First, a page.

Michael Keller Moves the International Seed Industry Toward Change

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Today, May 25, International Seed Federation Secretary General Michael Keller called for change during his first speech to the delegates of the 2015 World Seed Congress in Kraków, Poland.

“ISF is changing and we changed a lot this year,” Keller said. “Young and new people arrived, but we’ve also kept the expertise and that’s important.”

He emphasized that it’s important to be proud of the work done by predecessors throughout the federation’s 90 years of work. Keller asked participants if they knew what that meant. “It’s 90 years of life together, 90 years of promoting your interests,” he said. “It’s about the movement of seed — growing, cleaning, conditioning and marketing.”

Seed is moving around the world, which he illustrated by showing a map that one might initially think of as a global airline flight map. This is not an airline flight map; this is a map of seed movement today, he explained. “Welcome to the 21st century where we have more efficient breeding, an increased number of tools, increased political decisions, as well as trade and market issues,” Keller said. “We have a lot of challenges, but the role of ISF is to turn these challenges into opportunities.”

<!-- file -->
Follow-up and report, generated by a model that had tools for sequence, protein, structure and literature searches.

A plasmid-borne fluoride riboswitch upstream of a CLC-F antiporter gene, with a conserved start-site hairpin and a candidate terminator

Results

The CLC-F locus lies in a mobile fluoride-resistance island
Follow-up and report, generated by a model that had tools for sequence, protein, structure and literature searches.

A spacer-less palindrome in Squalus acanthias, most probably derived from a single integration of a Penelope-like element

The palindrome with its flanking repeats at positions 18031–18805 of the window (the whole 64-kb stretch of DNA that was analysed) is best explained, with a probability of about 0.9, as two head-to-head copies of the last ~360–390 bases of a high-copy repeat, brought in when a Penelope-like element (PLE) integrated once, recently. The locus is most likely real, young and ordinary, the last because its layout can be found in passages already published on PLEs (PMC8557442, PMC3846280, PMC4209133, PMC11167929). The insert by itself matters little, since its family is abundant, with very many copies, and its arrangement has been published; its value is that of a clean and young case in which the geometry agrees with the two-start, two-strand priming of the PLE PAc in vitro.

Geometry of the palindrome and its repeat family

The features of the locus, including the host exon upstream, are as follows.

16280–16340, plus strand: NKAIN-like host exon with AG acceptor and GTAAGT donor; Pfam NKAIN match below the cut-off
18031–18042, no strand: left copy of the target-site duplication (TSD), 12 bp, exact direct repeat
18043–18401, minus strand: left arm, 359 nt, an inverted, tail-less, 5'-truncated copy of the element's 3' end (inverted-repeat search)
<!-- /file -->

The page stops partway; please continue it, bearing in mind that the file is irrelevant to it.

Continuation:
Keller emphasized the need for a common vision — regardless of company size, geographic region or seed sector. Keller’s vision is a “world where the best quality seed is accessible to all …”

He added that the staff and leadership at ISF are working to create the best environment for the global movement of seed and promote plant breeding and innovation in seed. “That’s where we are working,” he said. “That will be our daily work.”

He added that ISF must work to collaborate with national associations and with regional associations. “It’s about collaboration, integrity and innovation,” he said. “We have to be visible, be engaged and be proactive.”

Keller emphasized that plant breeding and innovation is one of ISF’s top priorities, along with seed applied technologies, the harmonization of phytosanitary measures, royalty collection, efficient intellectual property protection and the multilateral system of access and benefit sharing. “We need harmonization among countries, not over-regulation,” Keller said. “And we need an access and benefit sharing system that takes into account business; it’s not just about money.

“We are a strong association,” Keller concluded. “‘Seed is Life,’ that’s our motto and will be forever.”

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